From there we continued through Duntroon, and then climbed up a steep hill to the Elephant Rocks, which were impressive rock formations of the side of the trail.  The trail continued on to further interesting limestone escarpments along Island Cliff.

The trail then degenerated into soft white limestone gravel, which is horrific to ride on.  Up until then, the Alps 2 Ocean trail was perfectly manicured trail, this stuff is like riding on lumpy flour.

It was a painful grind for the last 40km to the finish in Oamaru.  We were completely shattered by the time we reached our accommodation, so we decided not to finish the Alps 2 Ocean trail today (which ends at the pier on Oamaru beach), leaving it for the next day.

We had a BBQ dinner which Gaetano took charge of, and it was quite a feast for the ravenous riders.

SINZ II Tour Blog: Day 5 Omarama to Kurow 72km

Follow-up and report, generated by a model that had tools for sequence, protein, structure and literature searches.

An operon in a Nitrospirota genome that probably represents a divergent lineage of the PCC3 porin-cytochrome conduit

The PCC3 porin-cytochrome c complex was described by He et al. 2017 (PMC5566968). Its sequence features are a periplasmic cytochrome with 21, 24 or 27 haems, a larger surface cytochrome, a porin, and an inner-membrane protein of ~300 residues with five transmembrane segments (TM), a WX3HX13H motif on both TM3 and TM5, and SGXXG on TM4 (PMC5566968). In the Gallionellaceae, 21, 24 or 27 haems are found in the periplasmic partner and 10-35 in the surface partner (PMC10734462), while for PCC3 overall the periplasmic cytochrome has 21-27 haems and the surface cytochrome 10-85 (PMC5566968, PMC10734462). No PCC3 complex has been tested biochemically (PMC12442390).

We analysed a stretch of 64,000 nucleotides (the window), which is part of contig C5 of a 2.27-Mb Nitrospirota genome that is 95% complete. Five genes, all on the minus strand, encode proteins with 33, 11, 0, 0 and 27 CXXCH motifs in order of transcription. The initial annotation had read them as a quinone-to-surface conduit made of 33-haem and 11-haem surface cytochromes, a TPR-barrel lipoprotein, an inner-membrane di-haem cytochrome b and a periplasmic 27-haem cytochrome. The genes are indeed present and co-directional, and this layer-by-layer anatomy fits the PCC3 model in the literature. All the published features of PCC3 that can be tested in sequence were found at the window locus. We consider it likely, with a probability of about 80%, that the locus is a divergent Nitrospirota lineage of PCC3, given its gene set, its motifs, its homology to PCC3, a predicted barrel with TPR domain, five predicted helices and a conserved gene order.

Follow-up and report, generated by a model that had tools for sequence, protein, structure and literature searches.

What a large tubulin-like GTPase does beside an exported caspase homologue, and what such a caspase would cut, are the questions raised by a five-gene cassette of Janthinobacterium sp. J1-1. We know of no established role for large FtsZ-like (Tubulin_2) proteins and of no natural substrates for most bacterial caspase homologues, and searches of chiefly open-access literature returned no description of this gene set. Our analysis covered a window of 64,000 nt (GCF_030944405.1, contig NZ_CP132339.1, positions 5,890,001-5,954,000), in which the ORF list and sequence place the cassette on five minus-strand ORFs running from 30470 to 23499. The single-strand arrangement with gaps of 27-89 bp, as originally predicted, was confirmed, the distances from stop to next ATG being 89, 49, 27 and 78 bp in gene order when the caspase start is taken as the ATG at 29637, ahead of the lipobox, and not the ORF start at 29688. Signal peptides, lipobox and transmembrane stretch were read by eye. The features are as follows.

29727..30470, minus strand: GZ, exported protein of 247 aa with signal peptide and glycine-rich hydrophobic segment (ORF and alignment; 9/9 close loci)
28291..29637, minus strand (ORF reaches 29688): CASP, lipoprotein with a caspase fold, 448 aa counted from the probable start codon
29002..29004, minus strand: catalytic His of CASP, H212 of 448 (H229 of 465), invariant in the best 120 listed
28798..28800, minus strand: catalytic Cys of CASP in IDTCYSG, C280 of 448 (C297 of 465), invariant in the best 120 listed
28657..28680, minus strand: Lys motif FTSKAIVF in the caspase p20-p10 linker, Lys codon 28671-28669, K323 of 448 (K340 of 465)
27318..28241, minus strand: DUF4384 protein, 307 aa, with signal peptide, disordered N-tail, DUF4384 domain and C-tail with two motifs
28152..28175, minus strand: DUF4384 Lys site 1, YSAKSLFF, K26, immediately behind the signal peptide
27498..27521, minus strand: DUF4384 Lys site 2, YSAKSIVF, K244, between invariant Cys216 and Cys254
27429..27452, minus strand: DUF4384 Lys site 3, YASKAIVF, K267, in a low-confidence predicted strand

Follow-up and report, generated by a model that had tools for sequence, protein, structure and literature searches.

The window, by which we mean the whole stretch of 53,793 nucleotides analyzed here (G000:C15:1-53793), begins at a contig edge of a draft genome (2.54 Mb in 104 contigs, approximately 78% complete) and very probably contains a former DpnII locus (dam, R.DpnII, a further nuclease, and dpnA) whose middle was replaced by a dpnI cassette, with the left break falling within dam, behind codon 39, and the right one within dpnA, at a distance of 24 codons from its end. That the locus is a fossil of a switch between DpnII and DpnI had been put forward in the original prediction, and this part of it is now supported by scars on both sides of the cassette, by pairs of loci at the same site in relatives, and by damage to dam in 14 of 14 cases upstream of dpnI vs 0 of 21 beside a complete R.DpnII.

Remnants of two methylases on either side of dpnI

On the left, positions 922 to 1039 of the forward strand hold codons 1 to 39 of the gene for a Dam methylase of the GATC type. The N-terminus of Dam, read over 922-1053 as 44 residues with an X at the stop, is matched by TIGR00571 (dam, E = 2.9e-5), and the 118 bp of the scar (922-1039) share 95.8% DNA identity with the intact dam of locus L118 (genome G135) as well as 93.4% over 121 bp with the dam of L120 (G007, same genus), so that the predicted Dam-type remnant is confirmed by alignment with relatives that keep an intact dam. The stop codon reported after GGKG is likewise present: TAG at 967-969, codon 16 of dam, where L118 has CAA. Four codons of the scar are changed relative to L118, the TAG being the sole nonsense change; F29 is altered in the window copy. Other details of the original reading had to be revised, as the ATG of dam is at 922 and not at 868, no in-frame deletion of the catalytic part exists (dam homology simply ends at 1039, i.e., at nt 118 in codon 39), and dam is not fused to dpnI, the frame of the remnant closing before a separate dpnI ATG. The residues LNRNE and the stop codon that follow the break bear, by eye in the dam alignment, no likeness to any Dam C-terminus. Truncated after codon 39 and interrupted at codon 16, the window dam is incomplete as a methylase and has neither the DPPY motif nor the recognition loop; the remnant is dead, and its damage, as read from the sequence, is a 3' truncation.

We started back on the Alps to Ocean trail to Omarama, one of the nicest sections of the trail.  There was a nice climb followed by an equally epic descent to Otematata for lunch and a dunk in the Lake.

After that we climbed up the steep road up to the Lake Benmore Dam- an impressive sight once at the top. It’s hard to know if we are the first unicyclists to ride across the dam, but we are very likely the largest ever group of unicyclists to ride across the dam!

From there we rode along Lake Aviemore to the Aviemore Dam. Our driver Said had found us a nice swimming hole under a tree, which was a nice place for afternoon tea.

We also took quick hike up the Deep Stream Walk to a secluded river valley (and had another swim), before riding the last section to Kurow.

SINZ II Tour Blog: Day 4 Lake Ohau to Buscot Station 55km

Todays ride would take us on a long gradual climb up to 900m at Freehold Creek.  It was a well groomed path that had magnificent views across the basin to the Ben Ohau Range. The day got progressively hotter and many riders dunked themselves in the stream crossings to cool off.

After the top it was a fast, fun descent to Quailburn road where the support vehicles met us.  After some much needed rest and shade, we headed off to our next destination, Clay Cliffs.  The road was lined with colourful lupins as it crossed the lush green farmland.  We had a lot of fun riding on the loose gravel with the unicycles at times sliding around underneath us.